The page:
A potential showdown between Atlanta Mayor Kasim Reed and Atlanta Public Schools over a penny in sales tax could jeopardize nearly $1.5 billion worth of school construction, maintenance and technology for the city and surrounding school systems, including Fulton and DeKalb counties.
In an interview with The Atlanta Journal-Constitution, Reed said the penny — which over nearly 15 years has helped build or renovate 84 city schools or other buildings, among other projects — instead needs to go to a regional transportation plan expected to be put to voters next year.
The penny is in play because it expires next year. Reed doesn’t want the city school system to seek to renew it as voters also consider the transportation tax. If both were to pass, the city would have the state’s highest sales tax at 9 percent and would be at a competitive disadvantage, the mayor said.
“Obviously, I’m very concerned about renewing the 1 percent sales tax in the city [for education] and then adding another penny,” Reed said.
The showdown looms as the city’s school board must decide whether to join with Fulton, DeKalb and the city of Decatur to ask voters to continue using the 1-cent-on-the-dollar sales tax to fund capital needs. The tax started in 1997 and has been renewed twice. The three other systems, which all want the sales tax to continue, cannot seek a referendum to do that without Atlanta schools’ participation.
Atlanta School Superintendent Beverly Hall made clear this week in discussions with the school board that she wants to pursue the full penny to fund $513 million worth of needs, including a new high school and elementary school in the Buckhead area, and a new middle school for the Midtown area.
Fulton says reduced revenue from the current SPLOST has already forced it to defer projects, including a middle school on the north and one on south end of the county, into the next round of SPLOST funding.
Decatur schools have not settled on a list of specific projects, but plan to ask voters for a five-year extension, spokesman Bruce Roaden said.
Reed’s solution is for the Atlanta system to, at most, pursue “some sort of fractional tax” that, when combined with a presumed penny transportation tax, would keep the city’s overall sales tax rate competitive with Charlotte’s 8.46 percent.
“I think everyone in Atlanta is comfortable with paying and funding the school improvements that are essential so that everyone receives their benefits. That’s what was promised. Clearly, we have not finished that commitment in terms [of enrollment growth in] Buckhead, and that needs to be achieved.”
Reed said financial models show the Buckhead school construction can be done “comfortably” with an 8.2 percent sales tax rate, including the 1 percent for regional transportation.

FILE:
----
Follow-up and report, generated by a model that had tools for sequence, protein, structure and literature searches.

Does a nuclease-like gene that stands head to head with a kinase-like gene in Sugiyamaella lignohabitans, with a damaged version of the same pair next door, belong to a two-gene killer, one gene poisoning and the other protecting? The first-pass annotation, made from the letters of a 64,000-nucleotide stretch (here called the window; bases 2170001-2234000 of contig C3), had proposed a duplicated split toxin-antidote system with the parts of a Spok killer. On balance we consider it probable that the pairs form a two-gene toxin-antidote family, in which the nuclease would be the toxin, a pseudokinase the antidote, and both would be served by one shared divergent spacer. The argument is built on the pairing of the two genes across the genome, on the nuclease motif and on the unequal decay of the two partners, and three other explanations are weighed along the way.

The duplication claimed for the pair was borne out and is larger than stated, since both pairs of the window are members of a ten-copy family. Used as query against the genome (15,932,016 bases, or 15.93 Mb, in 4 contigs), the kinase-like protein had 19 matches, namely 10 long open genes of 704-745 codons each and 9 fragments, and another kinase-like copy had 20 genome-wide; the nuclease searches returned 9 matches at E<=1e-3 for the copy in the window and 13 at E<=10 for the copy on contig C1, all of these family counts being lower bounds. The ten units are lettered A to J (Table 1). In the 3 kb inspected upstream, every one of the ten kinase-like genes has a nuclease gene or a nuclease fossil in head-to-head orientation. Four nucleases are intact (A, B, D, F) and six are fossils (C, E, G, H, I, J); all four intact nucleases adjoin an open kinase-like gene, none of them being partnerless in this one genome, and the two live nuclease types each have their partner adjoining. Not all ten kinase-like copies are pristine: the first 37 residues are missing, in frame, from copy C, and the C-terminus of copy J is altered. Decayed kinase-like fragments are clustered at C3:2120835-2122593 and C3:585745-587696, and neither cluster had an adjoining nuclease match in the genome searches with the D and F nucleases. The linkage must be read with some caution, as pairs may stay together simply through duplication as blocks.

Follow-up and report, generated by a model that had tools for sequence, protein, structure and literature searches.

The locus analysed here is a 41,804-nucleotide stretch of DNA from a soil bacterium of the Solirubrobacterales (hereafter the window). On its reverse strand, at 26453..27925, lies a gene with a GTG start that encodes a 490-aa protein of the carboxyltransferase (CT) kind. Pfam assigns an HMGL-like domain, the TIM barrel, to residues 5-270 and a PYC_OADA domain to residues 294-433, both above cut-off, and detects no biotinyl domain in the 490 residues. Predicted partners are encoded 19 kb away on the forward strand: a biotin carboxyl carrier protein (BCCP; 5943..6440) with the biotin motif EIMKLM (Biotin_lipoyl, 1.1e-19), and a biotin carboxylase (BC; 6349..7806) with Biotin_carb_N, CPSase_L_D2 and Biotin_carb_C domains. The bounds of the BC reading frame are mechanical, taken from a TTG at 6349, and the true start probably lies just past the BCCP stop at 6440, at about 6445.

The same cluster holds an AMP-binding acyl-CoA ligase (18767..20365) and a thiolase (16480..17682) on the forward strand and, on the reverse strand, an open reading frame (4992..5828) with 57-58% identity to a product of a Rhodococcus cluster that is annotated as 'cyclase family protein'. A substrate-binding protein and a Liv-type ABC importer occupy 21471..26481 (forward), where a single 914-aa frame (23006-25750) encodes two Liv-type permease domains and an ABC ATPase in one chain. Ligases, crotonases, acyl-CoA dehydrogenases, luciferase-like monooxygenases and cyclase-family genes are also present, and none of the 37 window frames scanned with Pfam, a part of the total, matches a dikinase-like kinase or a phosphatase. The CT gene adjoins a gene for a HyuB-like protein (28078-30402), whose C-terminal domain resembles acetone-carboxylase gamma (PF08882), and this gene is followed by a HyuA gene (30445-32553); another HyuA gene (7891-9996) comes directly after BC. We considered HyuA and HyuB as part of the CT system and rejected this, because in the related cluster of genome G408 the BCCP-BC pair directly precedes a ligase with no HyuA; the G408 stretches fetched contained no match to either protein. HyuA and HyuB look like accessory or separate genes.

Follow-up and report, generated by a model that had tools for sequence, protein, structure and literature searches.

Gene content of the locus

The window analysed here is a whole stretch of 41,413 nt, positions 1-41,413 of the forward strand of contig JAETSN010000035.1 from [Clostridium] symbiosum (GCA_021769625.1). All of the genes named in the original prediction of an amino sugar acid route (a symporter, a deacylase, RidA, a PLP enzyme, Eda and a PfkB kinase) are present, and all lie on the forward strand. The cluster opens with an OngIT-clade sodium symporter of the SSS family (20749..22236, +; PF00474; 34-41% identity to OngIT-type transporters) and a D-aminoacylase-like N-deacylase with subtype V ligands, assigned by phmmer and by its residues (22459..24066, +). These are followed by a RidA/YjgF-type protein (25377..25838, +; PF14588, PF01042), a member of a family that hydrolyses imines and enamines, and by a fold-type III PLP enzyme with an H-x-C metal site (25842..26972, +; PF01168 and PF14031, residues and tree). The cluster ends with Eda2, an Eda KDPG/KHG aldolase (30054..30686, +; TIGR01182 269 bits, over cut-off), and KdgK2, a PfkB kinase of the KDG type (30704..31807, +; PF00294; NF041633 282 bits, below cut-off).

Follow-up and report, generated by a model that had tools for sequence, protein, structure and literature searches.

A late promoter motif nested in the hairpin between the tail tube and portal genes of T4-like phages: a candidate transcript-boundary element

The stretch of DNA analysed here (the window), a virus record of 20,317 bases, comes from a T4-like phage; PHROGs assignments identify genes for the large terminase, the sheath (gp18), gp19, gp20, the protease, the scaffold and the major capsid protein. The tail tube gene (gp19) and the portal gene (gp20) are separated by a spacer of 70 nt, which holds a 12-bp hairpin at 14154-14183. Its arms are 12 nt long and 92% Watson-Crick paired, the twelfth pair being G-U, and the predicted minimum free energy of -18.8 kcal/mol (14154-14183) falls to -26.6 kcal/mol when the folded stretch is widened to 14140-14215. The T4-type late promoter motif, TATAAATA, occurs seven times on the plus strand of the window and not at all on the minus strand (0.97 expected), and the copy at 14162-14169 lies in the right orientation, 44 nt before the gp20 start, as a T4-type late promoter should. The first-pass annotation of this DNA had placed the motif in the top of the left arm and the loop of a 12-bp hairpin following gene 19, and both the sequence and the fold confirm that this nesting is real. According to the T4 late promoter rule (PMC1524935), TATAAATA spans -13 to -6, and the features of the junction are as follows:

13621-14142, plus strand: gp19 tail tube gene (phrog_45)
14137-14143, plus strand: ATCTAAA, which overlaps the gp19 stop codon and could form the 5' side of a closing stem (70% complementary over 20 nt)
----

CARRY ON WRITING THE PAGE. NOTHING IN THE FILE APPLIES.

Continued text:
“Then there is a significant push that I support to have funding for arts and culture,” the mayor said. “That would put us at about 8.4.”
Hall said she hasn’t had any discussions about a fractional sales tax.
“I’ve heard through the grapevine that was out there,” she said of Reed’s idea. But “what we’re asking for is approximately 50 percent of what we need.”
Reed said he believes “there is a strong enough motivation, certainly within the buisness community, to support what is a fair compromise. But I don’t believe a fair compromise is to simply commit to another one penny when we’ve rebuilt every school or modernized every school in the system,” he said.
Atlanta, Decatur, Fulton and DeKalb have used the SPLOST, or special-purpose local option sales tax, to build and renovate dozens of new and existing schools, buy thousands of computers, laptops and whiteboards, and replace or repair roofs and heating and air conditioning systems.
The systems must seek the SPLOST together because of shared borders and contiguous boundary lines.
Voters for more than a decade have approved three separate referenda to use the sales tax to pay a combined $4.5 billion for school needs. Alternatives include raising property taxes or taking out debt through bonds.
Fulton, DeKalb, and Decatur have all signaled they want a referendum to extend the SPLOST, but under the current interpretation of state law, they need Atlanta schools to join in.
Reed said he’d support legislation to “decouple” the systems, but such legislation has yet to be introduced.
The other systems, meanwhile, have been left to look on in frustration.
“The greatest concern is going to be that ... all the large major school systems are relying on this,” said Tom Bowen, chairman of the DeKalb County Board of Education, referring to the sales tax. “It’s built into the long-term planning.”
Cindy Loe, superintendent in Fulton County, expressed similar feelings.
“It is critically important to us that we continue to have the option of the SPLOST,” Loe said. “We don’t have that kind of money in the general fund. We never did.”
The Fulton system’s current SPLOST was expected to raise $900 million, but, with the economy and spending down, it’s now projected to bring in only about $600 million, Loe said. The system has about $1 billion in capital needs, she said.
Decatur’s school system nets $2 million to $2.5 million from its SPLOST and, with the current one, built a gym at Renfroe Middle School and a science lab and a gym and auditorium at Decatur High School, Roaden said.
Without a sales tax extension, money would have to come from general funds or other sources, Roaden said.